|Shout! The New Swinging
60's Musical - Review
The Musical: Edinburgh Playhouse
by Edinburgh Evening News
performances and a great choice of songs combine
with a top performance from Su Pollard to ensure
that this 60s musical does, indeed, swing.
Sadly for the production,
Pollard does not have the lead role and since
Claire Sweeney, who does, is the least effective
singer on the stage, any real swinging is little
and far between.
Shout! is what you might
call a "time-travel" show, designed to
transport the viewer back to a particular era.
More cabaret than musical theatre, the flimsy
plot is padding for the songs, which are chosen
for their ability to conjure up the chosen time.
Which, in the case of
Shout! means the 60s. Not the 60s of hippies,
counterculture and psychedelic music, but the 60s
of Twiggy, short skirts and pure pop, as
experienced by teenagers everywhere in the UK.
The plot involves three
girls, Ruby (Sweeney), Georgina (Donna Steele)
and Betty (Shona White) who go down to London
from "up North" to find their fortune.
Instead, they find Ruby's aunty Yvonne (Pollard)
and her hair salon in Peckham, where they spend a
decade hanging out in short skirts, reading teen
Which gives plenty of
opportunities for Howard Jones as Tony T,
Shout!'s editor, to bring a whole load of 60s
adverts and editorials out from the page and onto
the stage. Welcome the Pill, cigarette adverts,
"groovy" lingo and, as the interval
starts, a visit from the Milk Tray man.
There is so much potential
that it is painful to see good ideas wasted under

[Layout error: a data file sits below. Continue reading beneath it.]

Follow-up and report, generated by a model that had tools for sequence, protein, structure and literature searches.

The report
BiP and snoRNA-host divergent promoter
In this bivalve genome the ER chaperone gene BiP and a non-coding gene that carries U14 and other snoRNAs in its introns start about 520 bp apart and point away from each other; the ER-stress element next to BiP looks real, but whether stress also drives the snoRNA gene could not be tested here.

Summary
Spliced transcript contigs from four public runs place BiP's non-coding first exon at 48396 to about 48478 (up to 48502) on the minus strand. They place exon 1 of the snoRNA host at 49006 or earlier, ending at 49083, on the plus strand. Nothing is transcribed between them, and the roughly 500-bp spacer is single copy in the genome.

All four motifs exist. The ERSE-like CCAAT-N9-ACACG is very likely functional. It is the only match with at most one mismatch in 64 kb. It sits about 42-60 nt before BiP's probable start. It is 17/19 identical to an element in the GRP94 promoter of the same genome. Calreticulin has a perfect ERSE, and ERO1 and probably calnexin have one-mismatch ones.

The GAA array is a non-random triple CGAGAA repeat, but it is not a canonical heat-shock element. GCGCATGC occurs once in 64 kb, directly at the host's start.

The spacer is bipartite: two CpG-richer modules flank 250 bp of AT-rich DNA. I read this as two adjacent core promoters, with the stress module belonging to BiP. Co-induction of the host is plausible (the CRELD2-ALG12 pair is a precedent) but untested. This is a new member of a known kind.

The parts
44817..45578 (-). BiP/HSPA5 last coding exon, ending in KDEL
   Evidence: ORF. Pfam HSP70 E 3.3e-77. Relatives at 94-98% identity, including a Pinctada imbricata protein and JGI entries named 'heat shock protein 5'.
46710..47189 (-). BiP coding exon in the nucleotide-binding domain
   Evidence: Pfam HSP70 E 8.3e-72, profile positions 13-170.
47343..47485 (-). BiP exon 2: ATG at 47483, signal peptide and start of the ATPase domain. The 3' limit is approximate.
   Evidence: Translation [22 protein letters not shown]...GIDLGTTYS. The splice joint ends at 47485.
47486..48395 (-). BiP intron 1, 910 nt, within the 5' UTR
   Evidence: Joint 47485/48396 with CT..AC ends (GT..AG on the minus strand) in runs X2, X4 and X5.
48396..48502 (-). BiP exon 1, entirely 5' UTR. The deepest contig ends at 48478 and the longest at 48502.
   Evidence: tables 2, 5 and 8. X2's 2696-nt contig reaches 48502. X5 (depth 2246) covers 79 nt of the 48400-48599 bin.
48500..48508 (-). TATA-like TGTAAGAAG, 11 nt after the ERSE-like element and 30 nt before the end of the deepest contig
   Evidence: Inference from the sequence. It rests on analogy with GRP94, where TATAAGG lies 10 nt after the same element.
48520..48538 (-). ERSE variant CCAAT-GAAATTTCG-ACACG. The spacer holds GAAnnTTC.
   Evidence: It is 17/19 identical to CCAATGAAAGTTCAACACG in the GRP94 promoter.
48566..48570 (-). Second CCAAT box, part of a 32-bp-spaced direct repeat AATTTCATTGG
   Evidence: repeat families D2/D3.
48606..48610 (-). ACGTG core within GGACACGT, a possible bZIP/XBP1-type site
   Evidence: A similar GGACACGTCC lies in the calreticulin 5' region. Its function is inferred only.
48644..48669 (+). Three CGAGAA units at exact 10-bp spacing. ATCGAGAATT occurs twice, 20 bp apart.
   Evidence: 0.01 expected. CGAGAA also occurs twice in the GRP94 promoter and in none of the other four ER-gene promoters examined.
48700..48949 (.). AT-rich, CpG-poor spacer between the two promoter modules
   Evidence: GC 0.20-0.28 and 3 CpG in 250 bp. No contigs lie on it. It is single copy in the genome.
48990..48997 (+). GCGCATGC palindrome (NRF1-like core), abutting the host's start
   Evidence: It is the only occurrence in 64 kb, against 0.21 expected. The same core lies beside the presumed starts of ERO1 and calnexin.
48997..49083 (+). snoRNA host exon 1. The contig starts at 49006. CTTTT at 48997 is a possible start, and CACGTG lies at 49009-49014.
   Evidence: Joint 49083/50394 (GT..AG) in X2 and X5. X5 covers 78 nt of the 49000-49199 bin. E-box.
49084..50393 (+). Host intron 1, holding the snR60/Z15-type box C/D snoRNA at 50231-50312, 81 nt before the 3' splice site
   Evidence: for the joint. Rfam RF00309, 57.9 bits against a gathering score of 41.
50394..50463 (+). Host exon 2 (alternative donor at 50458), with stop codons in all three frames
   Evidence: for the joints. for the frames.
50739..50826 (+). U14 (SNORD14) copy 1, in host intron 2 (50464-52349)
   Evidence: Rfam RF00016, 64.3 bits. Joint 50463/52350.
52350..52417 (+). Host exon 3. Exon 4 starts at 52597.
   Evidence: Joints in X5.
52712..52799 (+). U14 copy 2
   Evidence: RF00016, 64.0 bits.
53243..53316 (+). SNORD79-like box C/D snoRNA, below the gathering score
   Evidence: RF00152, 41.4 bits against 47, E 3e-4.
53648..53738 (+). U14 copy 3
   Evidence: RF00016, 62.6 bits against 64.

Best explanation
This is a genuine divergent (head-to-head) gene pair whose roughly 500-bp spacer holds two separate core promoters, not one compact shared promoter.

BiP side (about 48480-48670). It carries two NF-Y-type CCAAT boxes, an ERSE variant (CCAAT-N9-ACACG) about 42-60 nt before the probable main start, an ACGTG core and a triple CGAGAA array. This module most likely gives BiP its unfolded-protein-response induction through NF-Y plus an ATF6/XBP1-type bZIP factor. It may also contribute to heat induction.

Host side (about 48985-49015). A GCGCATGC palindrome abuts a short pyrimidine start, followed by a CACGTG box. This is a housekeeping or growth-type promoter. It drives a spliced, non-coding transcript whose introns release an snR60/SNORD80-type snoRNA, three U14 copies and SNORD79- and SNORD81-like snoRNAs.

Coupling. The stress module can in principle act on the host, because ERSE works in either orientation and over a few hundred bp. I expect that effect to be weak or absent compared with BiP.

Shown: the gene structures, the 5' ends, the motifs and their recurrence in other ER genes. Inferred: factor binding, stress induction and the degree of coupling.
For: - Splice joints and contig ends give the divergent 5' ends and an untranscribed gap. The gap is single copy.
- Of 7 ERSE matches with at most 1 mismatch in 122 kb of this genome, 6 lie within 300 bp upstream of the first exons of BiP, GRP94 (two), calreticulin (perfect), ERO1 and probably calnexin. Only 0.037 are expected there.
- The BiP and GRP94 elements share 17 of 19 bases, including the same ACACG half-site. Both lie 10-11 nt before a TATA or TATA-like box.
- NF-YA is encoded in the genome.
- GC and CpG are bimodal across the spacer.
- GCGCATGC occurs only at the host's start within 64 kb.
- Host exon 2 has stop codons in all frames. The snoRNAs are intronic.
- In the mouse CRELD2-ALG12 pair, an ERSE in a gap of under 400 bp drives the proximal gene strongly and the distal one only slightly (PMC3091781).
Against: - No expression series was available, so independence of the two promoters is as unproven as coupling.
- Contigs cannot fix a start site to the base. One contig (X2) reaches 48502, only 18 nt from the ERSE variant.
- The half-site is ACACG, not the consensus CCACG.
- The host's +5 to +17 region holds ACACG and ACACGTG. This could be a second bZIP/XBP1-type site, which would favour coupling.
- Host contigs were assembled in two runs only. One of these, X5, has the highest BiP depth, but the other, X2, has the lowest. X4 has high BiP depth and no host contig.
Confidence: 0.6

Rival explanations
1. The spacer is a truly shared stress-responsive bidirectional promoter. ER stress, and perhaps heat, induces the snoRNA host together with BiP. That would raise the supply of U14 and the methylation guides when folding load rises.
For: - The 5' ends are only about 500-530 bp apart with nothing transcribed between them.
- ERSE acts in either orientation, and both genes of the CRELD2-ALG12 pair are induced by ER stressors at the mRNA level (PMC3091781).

Sweeney's lead. She is so meandering that,
despite tight singing and dancing performances,
Steele and White are unable to do anything about
Winking at the audience to
indicate her character is a bit of a goer and
grinning in a manner that, in horror movies, is
reserved for characters about to morph into
werewolves, Sweeney is actually fine when called
upon to sustain a note.
Ask her to sing anything
resembling a tune, however, and her voice fades
in and out faster than Radio Caroline on a windy
night in the North Sea. In dramatic terms, these
boots were made for gallumphing, not walking.
Rather greater skill is
shown by Shona White, soloing in songs such as I
Just Don't Know What To Do With Myself and Little
By Little. She is not overly subtle but is at
least effervescent in her approach to the music.
It takes Su Pollard's
rendition of You're My World to show how it
should be done. Her start is so understated you
think she might be faltering. But then she
builds, and continues to build, until the
audience are in raptures.
If all the performers
could use the material with a fraction of her
sense of drama and understanding, this would be a
brilliant night of crystal clear 60s pleasure.
Instead, it is the 60s recalled through a haze
and not a purple one, either.
Edinburgh Evening News